Misdemeanor & Felony FAQ

Tallahassee Criminal Defense Lawyer Answers Your Questions

What is the difference between a misdemeanor and a felony?
A misdemeanor is a less serious classification of a crime while a felony is the more serious classification. Misdemeanors are crimes in which the possible penalty of imprisonment is only one year or less in a county jail (unless the offender receives an extended term). A person convicted of a misdemeanor may be sentenced to jail time, probation, or even just a fine.

Infractions such as noncriminal traffic violations are considered misdemeanors. On the other hand, felonies are crimes in which a person can be sentenced to confinement in a state prison. Prison sentences range from just one year to several decades, or even a lifetime. The most serious felony offenses can result in sentences of the death penalty.

What are some examples of misdemeanors and felonies?
A few examples of crimes that are usually misdemeanors include disorderly conduct, basic DUI offenses, petty theft, and prostitution. Some examples of offenses that are usually felonies include grand theft, robbery, kidnapping, and murder. There are many crimes, such as domestic violence, that can easily be classified as either type of offense, depending on the severity.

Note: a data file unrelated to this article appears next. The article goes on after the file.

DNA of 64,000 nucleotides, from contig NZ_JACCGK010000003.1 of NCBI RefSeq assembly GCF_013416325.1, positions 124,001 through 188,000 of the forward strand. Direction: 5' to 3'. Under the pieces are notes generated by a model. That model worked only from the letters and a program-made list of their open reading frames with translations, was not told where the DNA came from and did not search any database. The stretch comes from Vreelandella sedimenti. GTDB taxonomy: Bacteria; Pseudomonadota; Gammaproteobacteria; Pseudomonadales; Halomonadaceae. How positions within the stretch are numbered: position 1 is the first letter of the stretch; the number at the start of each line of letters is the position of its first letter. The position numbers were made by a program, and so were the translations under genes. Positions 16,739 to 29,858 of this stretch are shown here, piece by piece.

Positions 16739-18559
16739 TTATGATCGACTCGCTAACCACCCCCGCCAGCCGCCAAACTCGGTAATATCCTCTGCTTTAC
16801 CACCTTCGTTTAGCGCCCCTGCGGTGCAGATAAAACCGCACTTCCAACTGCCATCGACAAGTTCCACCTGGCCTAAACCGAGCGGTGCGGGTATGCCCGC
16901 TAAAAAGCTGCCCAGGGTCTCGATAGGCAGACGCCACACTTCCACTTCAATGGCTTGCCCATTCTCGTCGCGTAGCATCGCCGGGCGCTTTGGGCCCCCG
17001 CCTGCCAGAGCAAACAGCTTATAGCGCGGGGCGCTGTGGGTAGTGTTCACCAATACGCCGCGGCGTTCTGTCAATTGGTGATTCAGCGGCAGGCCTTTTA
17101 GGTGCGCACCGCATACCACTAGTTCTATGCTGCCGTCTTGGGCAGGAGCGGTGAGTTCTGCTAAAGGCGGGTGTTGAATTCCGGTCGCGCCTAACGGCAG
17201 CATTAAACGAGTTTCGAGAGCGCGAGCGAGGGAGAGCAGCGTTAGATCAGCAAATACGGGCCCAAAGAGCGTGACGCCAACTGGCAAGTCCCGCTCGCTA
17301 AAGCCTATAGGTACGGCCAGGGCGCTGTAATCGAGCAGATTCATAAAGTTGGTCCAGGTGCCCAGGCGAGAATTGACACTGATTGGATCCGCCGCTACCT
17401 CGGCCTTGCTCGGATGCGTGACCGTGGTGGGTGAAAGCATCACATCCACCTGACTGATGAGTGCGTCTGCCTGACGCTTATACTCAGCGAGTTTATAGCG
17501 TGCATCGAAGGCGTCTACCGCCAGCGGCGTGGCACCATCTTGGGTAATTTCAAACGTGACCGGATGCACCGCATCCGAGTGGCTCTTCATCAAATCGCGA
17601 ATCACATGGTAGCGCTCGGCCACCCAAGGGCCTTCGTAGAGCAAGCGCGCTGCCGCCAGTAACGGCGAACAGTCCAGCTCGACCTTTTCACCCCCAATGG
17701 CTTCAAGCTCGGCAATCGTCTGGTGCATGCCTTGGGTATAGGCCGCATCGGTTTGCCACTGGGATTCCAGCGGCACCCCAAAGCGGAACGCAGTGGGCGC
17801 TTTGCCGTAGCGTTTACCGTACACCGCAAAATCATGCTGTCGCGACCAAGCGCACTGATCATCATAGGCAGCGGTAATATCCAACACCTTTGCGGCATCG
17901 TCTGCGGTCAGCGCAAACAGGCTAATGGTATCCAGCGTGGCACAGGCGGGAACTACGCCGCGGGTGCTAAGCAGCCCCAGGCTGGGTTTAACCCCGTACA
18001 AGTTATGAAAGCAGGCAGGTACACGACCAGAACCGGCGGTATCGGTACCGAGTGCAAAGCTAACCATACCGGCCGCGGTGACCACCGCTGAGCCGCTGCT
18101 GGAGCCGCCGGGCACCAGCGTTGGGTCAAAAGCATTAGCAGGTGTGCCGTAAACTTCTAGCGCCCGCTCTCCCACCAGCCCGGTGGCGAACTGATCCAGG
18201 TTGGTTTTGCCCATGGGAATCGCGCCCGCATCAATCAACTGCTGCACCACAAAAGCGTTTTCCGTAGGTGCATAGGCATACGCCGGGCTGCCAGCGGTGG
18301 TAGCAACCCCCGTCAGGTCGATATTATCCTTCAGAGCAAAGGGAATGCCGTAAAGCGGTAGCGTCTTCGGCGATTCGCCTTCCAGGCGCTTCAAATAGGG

Do misdemeanors and felonies impact your criminal record in the same way?
While both misdemeanors and felonies are harmful to your record, felonies are much more damaging. When a person is labeled convicted felon, he or she will face many difficulties when finding a job, renting an apartment or a home, or even qualifying for financial aid for college. Even if a person has a compelling story about why the conviction was unfair or the individual has greatly turned his or her life around, employers, landlords, and other official decision-makers are usually hesitant to take a chance on someone with a felony conviction.

Is it possible to get a felony charge reduced to a misdemeanor charge?
Yes, this is a possibility in many cases. This usually occurs when the defense is able to prove that certain elements of the alleged crime are not present. For example, a defendant in a drug case may be able to get a charge for possession with intent to sell reduced to a simple possession charge if the defense can show that the offender only possessed the drug for his or her own personal use. A felony may also be reduced to a misdemeanor if a plea deal is arranged.

What should I do if I am arrested for a misdemeanor or felony crime?
The first thing you should do after being arrested for any crime, misdemeanor or a felony, is to consult with an experienced criminal defense lawyer. A trained legal professional that fully understands the criminal justice system will be able to identify and implement the best defense for challenging your charges in court. Without experienced legal representation, you could end up being at a much higher risk of being convicted or receiving the maximum penalty. At Jansen and Davis, P.A., we offer 50 years of experience in the area of criminal defense.

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